- Are convicts deprived of free speech automatically?
In another exhibition of self-righteousness, Prime Minister Imran Khan has, with the support of the Federal Cabinet told PEMRA to ask channels to justify the airing of interviews of criminal convicts and under-trial prisoners. In short, convicts are to have something added to their sentences, and those under-trial are not to be given benefit of the presumption of innocence until proven guilty. It cannot be ignored that even convicts are in a sense under trial if they have filed an appeal against their sentence. Is this restriction going to be extended to those who have met the convict in jail, and then retail the contents of their conversations? What about those who are not yet under trial, but have been arrested by a prosecuting agency like NAB to be questioned? The ire against those who give interviews while attending Parliament under production orders from the Speaker is also not understandable. Does the production order make the member a lesser being?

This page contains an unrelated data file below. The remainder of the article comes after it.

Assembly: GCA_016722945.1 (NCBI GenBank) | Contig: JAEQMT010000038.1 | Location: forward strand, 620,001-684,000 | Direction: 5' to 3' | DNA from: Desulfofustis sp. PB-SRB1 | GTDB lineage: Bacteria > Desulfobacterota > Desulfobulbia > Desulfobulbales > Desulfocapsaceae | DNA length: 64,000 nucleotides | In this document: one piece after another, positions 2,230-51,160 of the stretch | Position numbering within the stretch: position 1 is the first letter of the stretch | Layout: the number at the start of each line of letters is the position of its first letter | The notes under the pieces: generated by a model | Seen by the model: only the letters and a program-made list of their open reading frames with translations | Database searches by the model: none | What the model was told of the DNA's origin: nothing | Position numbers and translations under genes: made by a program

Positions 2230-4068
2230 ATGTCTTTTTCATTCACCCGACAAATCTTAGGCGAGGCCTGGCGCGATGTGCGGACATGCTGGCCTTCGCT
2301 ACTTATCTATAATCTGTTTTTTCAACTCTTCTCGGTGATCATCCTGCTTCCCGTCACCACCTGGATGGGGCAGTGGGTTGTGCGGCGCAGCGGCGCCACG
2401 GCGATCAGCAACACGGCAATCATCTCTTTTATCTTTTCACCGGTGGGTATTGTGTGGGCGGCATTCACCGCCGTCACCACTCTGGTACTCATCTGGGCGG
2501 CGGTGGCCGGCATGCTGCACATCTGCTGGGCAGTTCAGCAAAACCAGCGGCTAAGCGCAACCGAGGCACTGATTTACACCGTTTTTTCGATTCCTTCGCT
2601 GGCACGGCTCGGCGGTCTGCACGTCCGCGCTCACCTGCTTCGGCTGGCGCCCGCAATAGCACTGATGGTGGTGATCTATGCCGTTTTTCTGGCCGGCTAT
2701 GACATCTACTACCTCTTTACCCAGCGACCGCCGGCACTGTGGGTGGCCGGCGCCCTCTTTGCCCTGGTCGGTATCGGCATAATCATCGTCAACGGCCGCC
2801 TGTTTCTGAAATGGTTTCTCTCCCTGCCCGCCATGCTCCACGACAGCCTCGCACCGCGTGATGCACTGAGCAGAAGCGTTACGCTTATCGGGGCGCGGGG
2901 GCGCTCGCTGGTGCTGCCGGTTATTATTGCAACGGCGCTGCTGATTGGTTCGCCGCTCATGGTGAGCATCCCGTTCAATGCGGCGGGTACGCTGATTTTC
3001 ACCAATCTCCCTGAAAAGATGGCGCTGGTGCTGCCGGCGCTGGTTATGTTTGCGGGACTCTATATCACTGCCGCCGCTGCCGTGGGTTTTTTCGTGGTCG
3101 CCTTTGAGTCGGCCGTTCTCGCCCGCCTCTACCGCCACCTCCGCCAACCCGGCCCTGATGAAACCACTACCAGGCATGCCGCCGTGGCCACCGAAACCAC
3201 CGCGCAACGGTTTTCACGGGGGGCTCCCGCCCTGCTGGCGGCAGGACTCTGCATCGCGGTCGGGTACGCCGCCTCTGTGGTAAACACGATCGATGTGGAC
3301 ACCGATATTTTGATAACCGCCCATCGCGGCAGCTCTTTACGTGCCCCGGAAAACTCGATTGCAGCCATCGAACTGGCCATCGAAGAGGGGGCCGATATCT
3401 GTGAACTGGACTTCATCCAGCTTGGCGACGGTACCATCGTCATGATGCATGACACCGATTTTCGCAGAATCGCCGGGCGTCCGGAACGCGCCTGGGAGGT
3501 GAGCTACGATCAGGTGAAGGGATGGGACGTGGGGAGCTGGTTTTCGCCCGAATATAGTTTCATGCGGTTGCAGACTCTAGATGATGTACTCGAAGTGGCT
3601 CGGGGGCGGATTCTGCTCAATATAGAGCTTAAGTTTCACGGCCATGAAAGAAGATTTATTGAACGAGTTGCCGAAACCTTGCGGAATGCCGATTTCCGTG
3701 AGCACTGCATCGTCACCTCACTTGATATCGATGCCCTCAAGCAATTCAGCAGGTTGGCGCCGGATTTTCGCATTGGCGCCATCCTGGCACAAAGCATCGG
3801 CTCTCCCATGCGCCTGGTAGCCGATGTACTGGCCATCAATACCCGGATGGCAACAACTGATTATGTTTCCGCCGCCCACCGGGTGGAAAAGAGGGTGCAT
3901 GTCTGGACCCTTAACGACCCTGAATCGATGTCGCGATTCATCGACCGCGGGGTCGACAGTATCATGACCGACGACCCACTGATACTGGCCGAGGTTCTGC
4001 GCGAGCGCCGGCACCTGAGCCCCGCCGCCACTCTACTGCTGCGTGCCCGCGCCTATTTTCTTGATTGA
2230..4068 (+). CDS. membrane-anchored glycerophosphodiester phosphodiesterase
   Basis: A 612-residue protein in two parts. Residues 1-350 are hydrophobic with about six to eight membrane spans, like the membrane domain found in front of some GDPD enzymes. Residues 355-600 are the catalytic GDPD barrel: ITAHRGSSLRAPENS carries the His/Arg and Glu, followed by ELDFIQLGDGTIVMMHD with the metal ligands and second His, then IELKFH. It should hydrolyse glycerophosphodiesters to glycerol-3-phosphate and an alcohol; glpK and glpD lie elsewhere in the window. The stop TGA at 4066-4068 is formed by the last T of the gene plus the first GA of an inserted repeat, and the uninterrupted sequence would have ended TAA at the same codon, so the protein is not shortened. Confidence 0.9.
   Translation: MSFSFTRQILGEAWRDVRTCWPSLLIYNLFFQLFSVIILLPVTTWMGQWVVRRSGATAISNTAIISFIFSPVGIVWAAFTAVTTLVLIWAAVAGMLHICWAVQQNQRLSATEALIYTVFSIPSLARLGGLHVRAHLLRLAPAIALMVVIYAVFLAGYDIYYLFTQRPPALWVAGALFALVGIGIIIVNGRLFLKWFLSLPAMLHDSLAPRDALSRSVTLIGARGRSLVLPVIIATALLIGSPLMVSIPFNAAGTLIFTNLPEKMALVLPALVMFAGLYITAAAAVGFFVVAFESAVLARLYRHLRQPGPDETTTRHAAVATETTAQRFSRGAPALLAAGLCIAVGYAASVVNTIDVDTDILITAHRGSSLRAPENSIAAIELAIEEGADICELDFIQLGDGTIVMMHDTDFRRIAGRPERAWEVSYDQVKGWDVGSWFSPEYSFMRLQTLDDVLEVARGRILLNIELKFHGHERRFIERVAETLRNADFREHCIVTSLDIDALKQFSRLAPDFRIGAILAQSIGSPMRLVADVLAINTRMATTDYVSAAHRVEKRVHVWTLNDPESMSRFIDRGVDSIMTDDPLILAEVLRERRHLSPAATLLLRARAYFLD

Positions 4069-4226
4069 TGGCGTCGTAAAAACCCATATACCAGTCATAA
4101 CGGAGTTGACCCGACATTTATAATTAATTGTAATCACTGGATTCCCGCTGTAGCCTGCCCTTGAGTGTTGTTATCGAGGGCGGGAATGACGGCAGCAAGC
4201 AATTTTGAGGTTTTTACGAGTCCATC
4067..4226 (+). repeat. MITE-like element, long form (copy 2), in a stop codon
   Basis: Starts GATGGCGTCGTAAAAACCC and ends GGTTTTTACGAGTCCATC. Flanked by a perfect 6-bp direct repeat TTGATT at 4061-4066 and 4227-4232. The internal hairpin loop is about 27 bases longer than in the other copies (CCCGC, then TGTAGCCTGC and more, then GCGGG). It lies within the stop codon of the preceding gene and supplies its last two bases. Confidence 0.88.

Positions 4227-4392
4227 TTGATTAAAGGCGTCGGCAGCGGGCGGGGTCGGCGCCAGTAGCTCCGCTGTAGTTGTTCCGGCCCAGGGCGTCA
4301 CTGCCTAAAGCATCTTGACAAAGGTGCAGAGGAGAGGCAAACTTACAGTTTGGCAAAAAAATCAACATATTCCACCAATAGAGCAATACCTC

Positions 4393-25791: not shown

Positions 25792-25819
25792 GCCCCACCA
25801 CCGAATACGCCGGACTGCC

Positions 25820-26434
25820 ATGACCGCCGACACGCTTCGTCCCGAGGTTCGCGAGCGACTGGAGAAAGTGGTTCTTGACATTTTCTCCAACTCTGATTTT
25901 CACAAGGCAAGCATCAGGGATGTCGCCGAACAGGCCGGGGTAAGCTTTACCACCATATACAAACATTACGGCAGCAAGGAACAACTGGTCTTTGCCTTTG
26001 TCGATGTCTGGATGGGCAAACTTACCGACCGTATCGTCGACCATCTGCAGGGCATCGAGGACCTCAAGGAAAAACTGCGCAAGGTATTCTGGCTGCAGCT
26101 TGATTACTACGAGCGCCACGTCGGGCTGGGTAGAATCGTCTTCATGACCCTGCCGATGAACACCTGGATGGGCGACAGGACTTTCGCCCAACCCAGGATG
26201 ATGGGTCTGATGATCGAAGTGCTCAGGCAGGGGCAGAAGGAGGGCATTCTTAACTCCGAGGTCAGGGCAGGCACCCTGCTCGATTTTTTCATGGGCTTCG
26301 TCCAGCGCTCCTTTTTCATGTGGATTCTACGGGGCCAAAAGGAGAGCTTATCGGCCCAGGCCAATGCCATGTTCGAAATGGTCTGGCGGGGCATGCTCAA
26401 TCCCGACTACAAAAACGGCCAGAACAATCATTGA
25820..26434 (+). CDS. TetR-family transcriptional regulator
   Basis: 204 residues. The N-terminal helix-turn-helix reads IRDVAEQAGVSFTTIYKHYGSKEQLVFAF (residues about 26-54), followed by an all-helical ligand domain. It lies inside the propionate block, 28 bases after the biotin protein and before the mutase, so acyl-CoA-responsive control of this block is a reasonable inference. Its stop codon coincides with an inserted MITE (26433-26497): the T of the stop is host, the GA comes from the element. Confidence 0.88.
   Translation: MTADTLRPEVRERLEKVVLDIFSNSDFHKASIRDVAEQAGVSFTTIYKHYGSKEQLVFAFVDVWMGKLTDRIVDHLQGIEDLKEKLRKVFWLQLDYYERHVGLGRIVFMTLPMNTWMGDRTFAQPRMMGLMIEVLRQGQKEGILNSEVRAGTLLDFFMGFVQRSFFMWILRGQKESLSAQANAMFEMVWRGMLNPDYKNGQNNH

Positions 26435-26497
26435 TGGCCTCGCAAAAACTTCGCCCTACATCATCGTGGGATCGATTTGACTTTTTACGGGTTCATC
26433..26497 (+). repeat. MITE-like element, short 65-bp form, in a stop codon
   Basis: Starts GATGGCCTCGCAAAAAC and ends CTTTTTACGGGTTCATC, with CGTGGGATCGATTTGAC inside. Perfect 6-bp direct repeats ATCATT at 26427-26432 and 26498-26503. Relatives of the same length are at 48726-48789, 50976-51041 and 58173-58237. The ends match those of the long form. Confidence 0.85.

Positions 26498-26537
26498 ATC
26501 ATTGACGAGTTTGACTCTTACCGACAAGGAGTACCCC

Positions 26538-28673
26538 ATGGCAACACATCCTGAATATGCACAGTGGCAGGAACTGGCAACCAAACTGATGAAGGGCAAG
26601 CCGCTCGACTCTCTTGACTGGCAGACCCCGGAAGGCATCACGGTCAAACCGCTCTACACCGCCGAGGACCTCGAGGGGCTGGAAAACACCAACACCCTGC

It cannot be ignored that this apparent attack on the opposition is also one on the media, for such a restriction does not fall in the provisions of the Constitution, and represents an abridgement of the right of free speech. It goes without saying that the media played a major role in Imran’s rise to power, but it should not be forgotten that, to put it crudely, Imran Khan sold. If any interview, whether of a convict or a minister, was not watched or read, the station or newspaper carrying it, would lose. It should also not be forgotten that a conviction, even when it attains finality, can be found to be wrongful. Would a campaign against such a conviction be possible if people could not speak about it, or if the convict was also deprived of his right of free speech? There are a myriad other reasons why a convict may wish his voice heard, such as jail conditions or protestations of innocence.
The views of convicts must have irritated the government greatly for it to contemplate this action, but it should not forget that the media will carry it out unwillingly, and will carry interviews they deem interesting regardless. Such old-fashioned and ham-handed methods and attempts at censorship dredged up from the past have no place in Naya Pakistan.